|[February 17, 2014]
Survey: Gaps in Accountability, Commitment and Practice Threaten Records and Information Management Compliance
BOSTON --(Business Wire)--
While many organizations claim to have strong records and information
management (RIM) programs in place, a look behind-the-scenes reveals
many lack fundamental building blocks, like measurement and employee
engagement and training. Those gaps keep organizations from realizing
RIM program cost savings and leave them vulnerable to information
exposure and fines from non-compliance with customer, industry or
federal regulations and standards. These and other findings are at the
heart of a comprehensive benchmark survey published jointly today by Iron
Mountain Incorporated (NYSE:IRM), the storage and information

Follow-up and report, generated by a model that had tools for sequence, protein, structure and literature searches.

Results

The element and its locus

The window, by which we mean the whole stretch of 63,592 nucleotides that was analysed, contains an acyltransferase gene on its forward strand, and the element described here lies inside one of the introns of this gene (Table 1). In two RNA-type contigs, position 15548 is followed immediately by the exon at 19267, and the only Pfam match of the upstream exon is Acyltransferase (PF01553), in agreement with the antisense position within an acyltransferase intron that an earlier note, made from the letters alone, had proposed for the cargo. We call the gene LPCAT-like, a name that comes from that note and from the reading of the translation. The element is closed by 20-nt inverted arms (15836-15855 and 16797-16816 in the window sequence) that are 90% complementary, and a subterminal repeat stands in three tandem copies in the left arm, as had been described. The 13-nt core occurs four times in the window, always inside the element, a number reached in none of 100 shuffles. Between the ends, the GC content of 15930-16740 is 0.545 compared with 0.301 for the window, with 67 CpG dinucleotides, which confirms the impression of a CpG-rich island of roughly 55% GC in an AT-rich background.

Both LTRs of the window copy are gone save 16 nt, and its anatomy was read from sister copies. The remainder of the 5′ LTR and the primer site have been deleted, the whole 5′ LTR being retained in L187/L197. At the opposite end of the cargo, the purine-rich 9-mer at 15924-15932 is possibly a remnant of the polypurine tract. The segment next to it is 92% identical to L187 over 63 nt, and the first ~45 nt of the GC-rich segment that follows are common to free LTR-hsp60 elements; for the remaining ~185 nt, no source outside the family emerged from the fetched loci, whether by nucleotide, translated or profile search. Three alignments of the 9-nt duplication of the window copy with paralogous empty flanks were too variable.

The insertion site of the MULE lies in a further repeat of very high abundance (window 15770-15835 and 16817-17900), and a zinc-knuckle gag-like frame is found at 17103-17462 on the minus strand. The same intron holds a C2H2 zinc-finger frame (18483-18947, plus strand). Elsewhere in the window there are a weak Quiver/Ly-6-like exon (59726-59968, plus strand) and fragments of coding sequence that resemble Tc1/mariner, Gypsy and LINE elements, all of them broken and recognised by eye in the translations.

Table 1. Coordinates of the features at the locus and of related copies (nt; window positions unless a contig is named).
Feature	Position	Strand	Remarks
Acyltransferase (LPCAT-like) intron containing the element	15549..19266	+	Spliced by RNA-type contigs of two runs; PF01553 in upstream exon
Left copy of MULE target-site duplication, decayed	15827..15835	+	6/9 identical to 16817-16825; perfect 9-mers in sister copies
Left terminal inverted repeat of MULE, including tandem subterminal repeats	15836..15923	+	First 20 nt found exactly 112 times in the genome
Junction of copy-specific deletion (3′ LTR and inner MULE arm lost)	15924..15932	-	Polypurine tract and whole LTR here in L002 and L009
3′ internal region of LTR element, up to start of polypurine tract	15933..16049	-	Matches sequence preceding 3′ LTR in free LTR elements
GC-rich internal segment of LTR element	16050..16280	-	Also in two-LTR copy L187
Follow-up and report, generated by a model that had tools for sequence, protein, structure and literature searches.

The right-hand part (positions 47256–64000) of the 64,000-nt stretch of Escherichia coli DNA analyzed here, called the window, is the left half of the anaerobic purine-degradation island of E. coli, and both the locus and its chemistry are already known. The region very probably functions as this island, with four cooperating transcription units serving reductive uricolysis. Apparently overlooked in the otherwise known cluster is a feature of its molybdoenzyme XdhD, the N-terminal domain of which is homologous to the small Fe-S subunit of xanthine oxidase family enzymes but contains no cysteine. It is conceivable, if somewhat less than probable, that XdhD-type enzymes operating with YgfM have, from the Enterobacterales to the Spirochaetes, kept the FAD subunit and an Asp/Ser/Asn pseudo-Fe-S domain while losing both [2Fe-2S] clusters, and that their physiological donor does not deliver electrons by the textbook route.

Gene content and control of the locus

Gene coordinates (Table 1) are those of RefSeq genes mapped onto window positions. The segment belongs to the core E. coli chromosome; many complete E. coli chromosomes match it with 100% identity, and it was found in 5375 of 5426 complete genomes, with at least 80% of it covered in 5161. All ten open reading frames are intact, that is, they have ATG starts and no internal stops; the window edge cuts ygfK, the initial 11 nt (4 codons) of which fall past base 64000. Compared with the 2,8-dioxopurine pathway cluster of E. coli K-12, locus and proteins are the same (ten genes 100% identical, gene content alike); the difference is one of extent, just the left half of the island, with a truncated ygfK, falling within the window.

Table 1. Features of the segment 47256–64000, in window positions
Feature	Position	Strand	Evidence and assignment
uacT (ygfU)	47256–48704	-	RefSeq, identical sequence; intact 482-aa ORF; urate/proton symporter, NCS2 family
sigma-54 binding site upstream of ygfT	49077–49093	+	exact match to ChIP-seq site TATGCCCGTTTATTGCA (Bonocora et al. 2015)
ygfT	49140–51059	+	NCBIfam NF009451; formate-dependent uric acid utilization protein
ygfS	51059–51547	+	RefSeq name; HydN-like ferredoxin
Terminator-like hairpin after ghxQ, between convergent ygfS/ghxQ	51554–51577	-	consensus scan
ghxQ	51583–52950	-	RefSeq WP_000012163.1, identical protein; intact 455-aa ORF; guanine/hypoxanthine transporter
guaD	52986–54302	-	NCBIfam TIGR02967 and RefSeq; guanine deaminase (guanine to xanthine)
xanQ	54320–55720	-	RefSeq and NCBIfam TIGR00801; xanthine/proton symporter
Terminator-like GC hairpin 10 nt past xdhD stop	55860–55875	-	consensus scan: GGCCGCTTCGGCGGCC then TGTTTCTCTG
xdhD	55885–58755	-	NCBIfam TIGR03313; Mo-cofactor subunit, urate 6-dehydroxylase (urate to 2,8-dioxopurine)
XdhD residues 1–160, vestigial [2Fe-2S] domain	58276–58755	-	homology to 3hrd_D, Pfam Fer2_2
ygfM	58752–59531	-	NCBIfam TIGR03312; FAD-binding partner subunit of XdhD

management company; Cohasset
Associates, a consulting firm specializing in document-based
information management; AIIM,
a global non-profit organization that provides independent research,
education and certification programs to information professionals; and ARMA,
a not-for-profit professional association and an authority on
Information can be a competitive advantage or an Achilles heel of risk
and cost. With records continuing to grow in both volume and format,
from paper records to electronic records like emails and social media
data, the challenges to managing all of it have never been greater. More
than 1,300 records and information professionals responded to this joint
survey, providing a wide-ranging assessment of the practice of RIM and a
benchmark for organizations to measure themselves against.
As evidenced by the data points below, a majority of organizations (87
percent) have a RIM governance program in place but are missing those
key pieces that define a measurable, effective program. To help close
the gaps, Iron Mountain (News - Alert) has identified several opportunities for records
managers to improve their programs and advance their organization:
How effective is your RIM program?
Only 17 percent of respondents say they have the ability to conduct